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Aurora theater shooting: Gun sales surge predictable -- but will it last?

kleck.jpg
Gary Kleck.
Colorado dealers turned in 40 percent more background check requests for gun purchasers in the four days after the Aurora theater shootings than they did the previous weekend, a spike in gun sales similar to previous runs after other mass killings, including the 1999 Columbine High School attack, according to the Christian Science Monitor. But just how significant is this latest rush by Americans to arm themselves, which seems to be happening in other areas of the country as well?

"I'm skeptical about this having any kind of lasting effect," says Florida State University criminology professor Gary Kleck. "People who are already thinking about purchasing a gun are possibly being pushed into it by news of this violence. But overall, year after year, we see the same percentage of households reporting gun ownership."

Kleck, an expert on patterns of gun ownership and crime control -- and an author of several studies that bolster the idea that guns used in self-defense and as a deterrent save more lives than are lost in gun-related homicides -- says the spike in sales is only a statistical blip. Short-lived fears about politicians pushing for more gun control have been known to fuel other stampedes to the gun shops, such as one that occurred shortly before Barack Obama's election as President in 2008.

"When the federal assault weapon ban was being debated, people went out and bought anything that was military-looking," Kleck notes, "even though they only ended up banning a narrow range of models."

glock wikipedia.jpg
Wikipedia
James Holmes is said to have had two Glock handguns in his possession when he was arrested.
In the wake of the attack in Aurora, some gun control advocates are again calling for bans on assault weapons and deploring the ease with which suspected shooter James Holmes allegedly obtained his guns and ammo. But Kleck finds the more "professional" voices among the gun-control crowd are being comparatively cautious.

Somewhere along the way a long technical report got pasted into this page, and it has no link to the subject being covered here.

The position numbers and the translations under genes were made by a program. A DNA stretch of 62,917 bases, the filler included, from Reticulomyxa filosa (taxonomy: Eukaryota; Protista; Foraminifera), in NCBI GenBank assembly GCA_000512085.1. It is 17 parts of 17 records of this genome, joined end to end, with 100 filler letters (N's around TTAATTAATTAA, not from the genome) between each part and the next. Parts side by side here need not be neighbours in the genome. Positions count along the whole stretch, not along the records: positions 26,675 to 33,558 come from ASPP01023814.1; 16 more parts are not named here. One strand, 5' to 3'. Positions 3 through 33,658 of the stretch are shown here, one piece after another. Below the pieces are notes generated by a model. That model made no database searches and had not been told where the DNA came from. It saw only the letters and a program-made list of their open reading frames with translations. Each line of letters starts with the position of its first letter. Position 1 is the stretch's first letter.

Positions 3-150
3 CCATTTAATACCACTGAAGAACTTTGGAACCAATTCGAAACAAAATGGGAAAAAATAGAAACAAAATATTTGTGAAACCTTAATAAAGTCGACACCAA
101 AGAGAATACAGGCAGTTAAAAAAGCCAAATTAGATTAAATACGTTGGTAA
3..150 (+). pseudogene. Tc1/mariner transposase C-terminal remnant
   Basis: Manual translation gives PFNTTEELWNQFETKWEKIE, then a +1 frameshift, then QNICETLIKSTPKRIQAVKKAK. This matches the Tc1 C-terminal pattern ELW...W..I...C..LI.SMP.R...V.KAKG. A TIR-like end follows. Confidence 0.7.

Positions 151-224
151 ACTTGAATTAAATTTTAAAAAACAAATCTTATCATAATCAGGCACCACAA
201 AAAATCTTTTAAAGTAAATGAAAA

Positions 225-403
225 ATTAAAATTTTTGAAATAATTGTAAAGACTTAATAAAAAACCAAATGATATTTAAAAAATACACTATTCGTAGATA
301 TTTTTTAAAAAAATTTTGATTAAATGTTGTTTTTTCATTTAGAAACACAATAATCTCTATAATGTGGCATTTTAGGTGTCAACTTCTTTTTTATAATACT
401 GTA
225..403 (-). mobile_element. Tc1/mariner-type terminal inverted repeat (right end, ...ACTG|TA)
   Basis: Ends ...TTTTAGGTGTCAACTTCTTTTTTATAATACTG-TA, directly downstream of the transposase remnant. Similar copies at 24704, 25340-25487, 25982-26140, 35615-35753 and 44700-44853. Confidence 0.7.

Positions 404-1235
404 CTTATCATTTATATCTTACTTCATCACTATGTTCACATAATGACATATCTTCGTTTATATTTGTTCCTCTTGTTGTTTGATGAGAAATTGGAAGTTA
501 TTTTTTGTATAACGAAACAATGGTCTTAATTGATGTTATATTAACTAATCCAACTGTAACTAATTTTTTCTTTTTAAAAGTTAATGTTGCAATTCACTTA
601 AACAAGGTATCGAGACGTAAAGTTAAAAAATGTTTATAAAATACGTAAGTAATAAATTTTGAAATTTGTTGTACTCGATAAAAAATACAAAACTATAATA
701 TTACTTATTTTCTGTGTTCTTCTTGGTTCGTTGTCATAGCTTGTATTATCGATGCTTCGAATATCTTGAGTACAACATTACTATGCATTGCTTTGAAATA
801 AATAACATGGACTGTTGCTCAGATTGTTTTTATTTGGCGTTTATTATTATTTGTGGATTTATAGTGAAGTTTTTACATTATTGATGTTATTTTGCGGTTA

"They haven't been saying this or that measure would have prevented this particular act of violence," he observes. "They know it sounds ridiculous to say that. Stopping someone from buying 6,000 rounds of ammunition on the Internet wouldn't have stopped this shooter from firing the 100 or 150 rounds he did fire. What they are saying is that now is the time to think about gun control -- again."

But the author of Point Blank: Guns and Violence in America is no more sanguine about the ability of gun owners to prevent a tragedy such as the one in Aurora than he is about the gun-control lobby's ability to gain traction from the event. Despite the millions of gun sales in this country every year (fewer than one might think, actually, since background check rates don't equate to sales), the percentage of adult citizens who actually carry guns with them for self-defense remains low -- around 2 percent, according to Kleck.

"Suppose you have about 300 people in a theater," Kleck says. "There's a chance you wouldn't have a single conceal-carry permit in the entire group. It's unlikely you would have one who is trained and mentally prepared to handle a situation like this."

Still, he adds, "I don't accept the argument that [armed citizens] would have just ended up killing an innocent bystander. Even if they did, it could well result in fewer deaths than if the shooter was simply allowed to fire into an unarmed crowd."

More from our Aurora Theater Shooting archive: "Aurora shooting: Tom Mauser, Columbine father, on gun control, political silence."


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10 comments
Monkey
Monkey